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In finance, many stochastic processes $X(t)$ are defined via \begin{equation} dX = \text{(some drift term)} dt + \sigma X^\gamma dW_t \end{equation} with $\gamma = 1/2$ (for instance the Heston model or the CIR process). Generally, this is called a square-root process. My question is: How does one justify the choice of $\gamma = 1/2$. I am aware that it is convenient to chose $0 < \gamma < 1$ since for $\gamma > 1$, no unique Martingale measure exists. But why exactly $\gamma = 1/2$ and not, say $\gamma = 6/7$. (I have found one related question here Why square root of volatility in Heston model? but no satisfying answer has been given.)

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  1. C.I.R Process belongs the class of affine diffusion processes.For processes within this class, a closed form solution of the characteristic function exists(Duffie,et al). For more details, Suppose we have given a scalar SDEs, i.e., $$dX_t=\mu(X_t,t)dt+\sigma(X_t,t)dW_t$$ this process ($\{X_t\}_{0\leq t\leq T}$) is said to be of the affine form if \begin{align} &&\mu(X_t,t)=\alpha_0+\alpha_1X_t\\ &&\sigma^2(X_t,t)=\beta_0+\beta_1X_t \end{align} where $\alpha_j,\beta_j\in R$. We claim C.I.R Process belongs the class of affine diffusion processes,because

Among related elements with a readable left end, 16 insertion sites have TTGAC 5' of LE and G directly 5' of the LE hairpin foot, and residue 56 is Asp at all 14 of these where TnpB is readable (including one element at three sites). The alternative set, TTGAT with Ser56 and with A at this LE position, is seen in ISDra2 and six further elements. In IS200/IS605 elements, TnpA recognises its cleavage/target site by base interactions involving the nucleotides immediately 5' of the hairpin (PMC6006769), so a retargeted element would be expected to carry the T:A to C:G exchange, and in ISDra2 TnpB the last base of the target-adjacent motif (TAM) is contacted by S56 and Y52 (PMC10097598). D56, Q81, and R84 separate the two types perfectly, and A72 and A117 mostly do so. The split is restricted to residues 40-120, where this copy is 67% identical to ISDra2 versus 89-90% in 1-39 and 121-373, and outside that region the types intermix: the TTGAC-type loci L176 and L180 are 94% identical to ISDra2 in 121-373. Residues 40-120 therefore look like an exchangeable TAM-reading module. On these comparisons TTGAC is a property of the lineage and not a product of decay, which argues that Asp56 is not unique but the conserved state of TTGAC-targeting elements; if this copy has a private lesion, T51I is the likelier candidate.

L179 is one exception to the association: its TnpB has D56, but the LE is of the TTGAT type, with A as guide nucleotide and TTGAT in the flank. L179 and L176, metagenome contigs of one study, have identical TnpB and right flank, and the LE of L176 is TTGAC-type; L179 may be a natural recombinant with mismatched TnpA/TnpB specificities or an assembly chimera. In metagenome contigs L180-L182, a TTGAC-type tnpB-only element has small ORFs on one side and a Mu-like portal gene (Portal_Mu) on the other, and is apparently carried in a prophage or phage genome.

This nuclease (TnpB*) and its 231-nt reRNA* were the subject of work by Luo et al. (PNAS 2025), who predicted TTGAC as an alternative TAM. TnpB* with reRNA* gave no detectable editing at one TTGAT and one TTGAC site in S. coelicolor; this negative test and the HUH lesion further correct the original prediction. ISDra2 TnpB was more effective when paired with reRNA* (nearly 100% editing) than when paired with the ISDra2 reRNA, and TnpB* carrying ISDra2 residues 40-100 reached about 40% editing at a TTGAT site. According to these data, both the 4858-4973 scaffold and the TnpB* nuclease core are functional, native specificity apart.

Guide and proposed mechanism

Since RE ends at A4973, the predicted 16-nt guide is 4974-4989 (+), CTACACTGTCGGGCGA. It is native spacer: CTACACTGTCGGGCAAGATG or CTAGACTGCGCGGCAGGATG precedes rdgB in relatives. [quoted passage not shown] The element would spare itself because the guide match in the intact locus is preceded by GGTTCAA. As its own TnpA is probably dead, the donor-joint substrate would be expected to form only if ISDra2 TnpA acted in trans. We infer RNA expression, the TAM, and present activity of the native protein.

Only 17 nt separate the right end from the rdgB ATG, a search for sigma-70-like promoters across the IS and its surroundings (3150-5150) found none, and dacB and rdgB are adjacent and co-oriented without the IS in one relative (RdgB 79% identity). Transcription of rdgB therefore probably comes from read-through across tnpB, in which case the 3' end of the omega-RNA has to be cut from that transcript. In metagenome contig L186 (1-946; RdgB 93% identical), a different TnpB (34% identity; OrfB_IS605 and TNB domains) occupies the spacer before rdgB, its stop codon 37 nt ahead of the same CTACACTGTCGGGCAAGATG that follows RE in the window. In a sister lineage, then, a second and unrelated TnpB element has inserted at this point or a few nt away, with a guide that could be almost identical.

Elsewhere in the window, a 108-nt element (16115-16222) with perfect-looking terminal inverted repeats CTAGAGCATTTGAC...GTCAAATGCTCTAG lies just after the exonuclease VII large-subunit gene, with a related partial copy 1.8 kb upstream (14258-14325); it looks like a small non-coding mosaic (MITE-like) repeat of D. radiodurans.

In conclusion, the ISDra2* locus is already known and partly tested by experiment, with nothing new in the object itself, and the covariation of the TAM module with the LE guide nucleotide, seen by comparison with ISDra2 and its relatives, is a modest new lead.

\begin{align} & \mu (t,{{r}_{t}})\,\,=\kappa (\theta -{{r}_{t}})=\underbrace{\kappa \theta }_{{{\alpha }_{0}}}+\underbrace{(-\kappa )}_{{{\alpha }_{1}}}\,{{r}_{t}} \\ & {{\sigma }^{2}}(t,{{r}_{t}})=\sigma^2r_t=\underbrace{0}_{\beta_0}+\underbrace{{{\sigma }^{2}}\,}_{\beta {{}_{1}}}\,{{r}_{t}} \\ \end{align} Now, if $\gamma\ne\frac{1}{2}$,then C.I.R Process doesn't belong the class of affine diffusion processes(please check yourself) and the discounted characteristic function is not of the following form $$\Phi(\phi,r_t,t,T)=e^{A(\phi,\tau)+B(\phi,\tau)r_t}$$ Consequently, conditional distribution of on $r_t$ doesn't follow a non-central chi-square distribution.

  1. If $\gamma>\frac{1}{2}$ e.g $\gamma=\frac{6}{7}$ then Feller's Condition holds for any value of $\kappa$ and $\theta$ (we know $\kappa,\theta>0$)

$$\underset{{{r}_{t}}\to 0}{\mathop{\lim }}\,\,\left( \kappa (\theta -{{r}_{t}})-\frac{1}{2}\frac{\partial }{\partial r}(\sigma\,r_{t}^{\,\gamma})^2 \right)=\kappa \theta>0 $$ In other words, $r_t$ is always positive and this is inconsistent with financial Modeling. Also,if $\gamma<\frac{1}{2}$ then

$$\underset{{{r}_{t}}\to 0}{\mathop{\lim }}\,\,\left( \kappa (\theta -{{r}_{t}})-\frac{1}{2}\frac{\partial }{\partial r}(\sigma\,r_{t}^{\,\gamma})^2 \right)\rightarrow-\infty $$ In other words, $r_t$ is always negative and this is inconsistent with reality.

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